FROM THE EYES AND EARS OF FOTOG INK said...

Not that seeing this in a theater isn't the BEST way to see it...but it is all over the net as an avi file, a screener in fact. Try NINJA Movies online to see it. I loved it. The simpe fact it hasn't been done before, to the sensitive nature of both children and the "pain" of being alone as a vampire I loved every bit. YOu have valid points however, but in light of the recent slew of decent to great vampire flicks ( True Blood and 30 Days of Night NOT Twillight) I'm hoping this is a return to real horror. I'm less a fan of Jason or Freddy as I age, and more so thinking horror myself.

Caitlin said...

DAMMIT I NEED TO SEE THIS.

Yes, I'm bitter that I haven't seen it yet.

The Film Fiend said...

Nosferatu meets Elephant? Since I'm not really a fan of the latter, I'm more than a little worried at this point.

Great review, though.

whitney said...

Vampires are for sissies: Ginger Snaps, Ginger Snaps, Ginger Snaps.

elgringo said...

Dead Pan -- If you do get a chance to see it on the big screen, do it. The beauty is in the details. If it doesn't play in Cincinnati, then wait for DVD and find a friend with a big screen TV and a surround sound system, you won't regret it.

Fotog -- You're very right about the return of "non-Jason" horror. I think that's the biggest reason why this film has been receiving so much love. There just so much potential within the genre that just isn't being tapped into.

The market is absolutely FLOODED with straight-to-DVD horror flicks without an ounce of art to be found in them, and everyone just seems to accept it as just the way it is.

The problem is that horror has always been the sad bastard child within cinema's critical circles so there just aren't enough people championing for high-quality horror films.

Also, I'm going to check out NINJA Movies right now. Thanks for the recommend.

Caitlin -- See my "Old Boy" reply.

The Film Fiend -- Even if you aren't a fan of Elephant, you can love this movie. There are certain similarities in shooting style that can be drawn but each are their own movie and deserve to be judged by their own merits.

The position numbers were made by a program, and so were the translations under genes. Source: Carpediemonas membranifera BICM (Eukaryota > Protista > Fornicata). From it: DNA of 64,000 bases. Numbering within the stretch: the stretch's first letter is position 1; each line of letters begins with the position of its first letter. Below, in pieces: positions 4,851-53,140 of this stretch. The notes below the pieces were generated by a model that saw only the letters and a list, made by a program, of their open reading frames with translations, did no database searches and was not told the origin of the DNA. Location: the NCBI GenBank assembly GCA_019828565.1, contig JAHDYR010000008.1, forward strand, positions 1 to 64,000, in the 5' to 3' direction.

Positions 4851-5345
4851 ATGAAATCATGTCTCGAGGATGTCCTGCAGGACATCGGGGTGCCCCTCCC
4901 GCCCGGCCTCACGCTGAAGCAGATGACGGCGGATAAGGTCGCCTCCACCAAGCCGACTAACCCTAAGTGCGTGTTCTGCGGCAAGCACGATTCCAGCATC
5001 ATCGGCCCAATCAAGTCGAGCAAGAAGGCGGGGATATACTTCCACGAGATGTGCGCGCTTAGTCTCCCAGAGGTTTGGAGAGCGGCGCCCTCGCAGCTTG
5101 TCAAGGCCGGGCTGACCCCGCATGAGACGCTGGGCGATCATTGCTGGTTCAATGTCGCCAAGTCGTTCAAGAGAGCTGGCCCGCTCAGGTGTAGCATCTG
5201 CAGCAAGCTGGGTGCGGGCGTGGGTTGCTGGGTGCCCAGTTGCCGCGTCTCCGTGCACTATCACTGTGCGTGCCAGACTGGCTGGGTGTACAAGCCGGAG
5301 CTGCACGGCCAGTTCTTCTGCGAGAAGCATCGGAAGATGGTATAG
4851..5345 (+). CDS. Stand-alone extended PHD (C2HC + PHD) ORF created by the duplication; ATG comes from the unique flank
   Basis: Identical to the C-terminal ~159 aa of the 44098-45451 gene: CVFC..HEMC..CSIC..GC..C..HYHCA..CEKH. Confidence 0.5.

Whitney -- Canadian Werewolf movies > Swedish Vampire movies. Agreed.

FROM THE EYES AND EARS OF FOTOG INK said...

Ginger SNaps did NOTHING for me. And I forced myself to watch all of them , so I could say, I SAW them all and they still did nothing for me.
I understand their appeal in "idea" . It's actually a kinda "David Cronenberg" twist on werwolfs. But , if you even want to lump them in the werewolf movies which is where they seem to be in .That said, I saw bad acting, ill direction and well - BORING . I was bored. I recently have been going back and re-watching movis I loved as a kid. a lot don't hold up at all. On the other hand, if you come across THE BEAST WITHIN, that one I actually LIKED MORE than I did as a kid, where it creeped me out. And there's a twist on the werewolf legend. Or , well, giant monsteroe. Whatever...anyway. Thats my two s=cents, which ain't worth more than well, two cents.

Jonny said...

Scott, I thought Let The Right One In was sensational. Best of '08, in my opinion (although I haven't made it out to see Four Christmases yet). I can see where you're coming from in regards to your gripes about the film, but I do think a little grace should be given to the poor quality of the CGI as it was filmed on a relatively low budget. The pacing didn't really bother me (although I agree that a few scenes were more "fat" than anything else). I thought it really helped cultivate this uniquely desolate and isolated environment that the characters resided in.

****SPOILER ALERT****

One thing I'd like to get your thoughts on (and I'm surprised you didn't mention it -- maybe too "spoiler" for your review, perhaps?) was the pool scene at the end. What did you think of it? Personally, I thought it was masterfully staged and shot. It's one of my favorite cinematic moments of the last few years. Even if you didn't like it, I think it's a Horror fan's credo to support the use of a severed head in any way, shape or form in a movie.

Nick Plowman said...

I freaking loved this movie, and for some reason, I seriously want to see Twilight just to see how they compare. Don't ask why.